• A focus on irrigation and fertiliser practices to
    improve production efficiency for LOTE
    strawberry growers
  • BS12025
  • Department of Agriculture and Food, Western Australia
  • Aileen Reid


Project BS12025: A focus on irrigation and fertiliser practices to improve production efficiency for LOTE strawberry growers, had the primary aim of promoting the adoption of efficient nutrition and irrigation practices among the Vietnamese growing community, who are responsible for growing about 80% of the crop in Western Australia. Originally designed as a three-year project, it was terminated one year early due to lack of interest and cooperation by most growers.

The first year, 2013, concentrated on benchmarking several aspects of production within the target audience: fruit yield and quality, irrigation system design and scheduling, fertiliser practice, soil chemical and physical parameters, and water movement.

Year two established a demonstration site on a grower’s property and intensively monitored soil moisture movement, soil conductivity and temperature. Another set of irrigation assessments was offered free of charge in 2014 but no growers accepted. Field days with a Vietnamese interpreter were held to communicate project activities and extension material was written and translated into Vietnamese.

The second year presented a very difficult operating environment. At the beginning of the strawberry season in Wanneroo a series of raids by the Australian Government was carried out on a property which operated a labour hire company using illegal labour. Although most of its operations impacted on the vegetable industry, there was a flow-on effect for the strawberry industry and labour was in very short supply over the 2014 season. Significant additional plantings meant an oversupply of fruit and poor prices. Several growers we worked with in 2014 are not growing in 2015. The overall downturn in profitability means less impetus for extra investment.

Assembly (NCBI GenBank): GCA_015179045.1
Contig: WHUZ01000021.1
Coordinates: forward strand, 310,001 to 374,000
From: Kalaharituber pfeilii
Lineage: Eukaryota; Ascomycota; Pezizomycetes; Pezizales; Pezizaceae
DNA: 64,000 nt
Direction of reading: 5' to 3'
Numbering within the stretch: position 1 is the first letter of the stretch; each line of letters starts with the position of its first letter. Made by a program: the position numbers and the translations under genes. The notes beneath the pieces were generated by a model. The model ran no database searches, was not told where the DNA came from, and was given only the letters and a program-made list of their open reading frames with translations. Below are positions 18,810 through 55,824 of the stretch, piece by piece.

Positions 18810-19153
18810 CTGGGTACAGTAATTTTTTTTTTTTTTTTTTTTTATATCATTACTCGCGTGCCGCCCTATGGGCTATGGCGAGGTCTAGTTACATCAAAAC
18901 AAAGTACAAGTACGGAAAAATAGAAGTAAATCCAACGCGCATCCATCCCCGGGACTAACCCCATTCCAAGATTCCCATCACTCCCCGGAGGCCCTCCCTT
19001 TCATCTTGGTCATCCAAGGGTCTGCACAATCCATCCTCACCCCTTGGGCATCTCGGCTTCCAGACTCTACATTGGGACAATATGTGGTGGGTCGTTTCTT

Growers who attended field days now have better awareness of the poor lateral movement of water, and hence nutrients, in WA sands as seen in the dye demonstrations. Whether this will translate to changes in grower practice is doubtful. An unintended outcome of the project was retraining in fumigation practice for all growers.

Many Vietnamese growers are over 50 years old. They have been growing for a long time and are set in their ways. Close to retiring, they see little point in investing in infrastructure, particularly when their properties are leased and likely to be rezoned ‘urban’ in the next five years. This has meant some growers are moving from Wanneroo and Carabooda to locations such as Bullsbrook and Muchea which are further north.

Power is concentrating in the hands of fewer, bigger players who have invested heavily in infrastructure including better irrigation design and soil moisture monitoring equipment. However, the more northerly growing areas mean colder night temperatures resulting in lower productivity per plant with current varieties.

The strawberry industry in Western Australia is unique in Australia in that export is viable although heavily influenced by prevailing exchange rates. Berry consumption is increasing due to perceived health benefits, but per capita consumption of strawberries is still well behind that of other countries.



You can download the final report HERE from the Hort Innovation website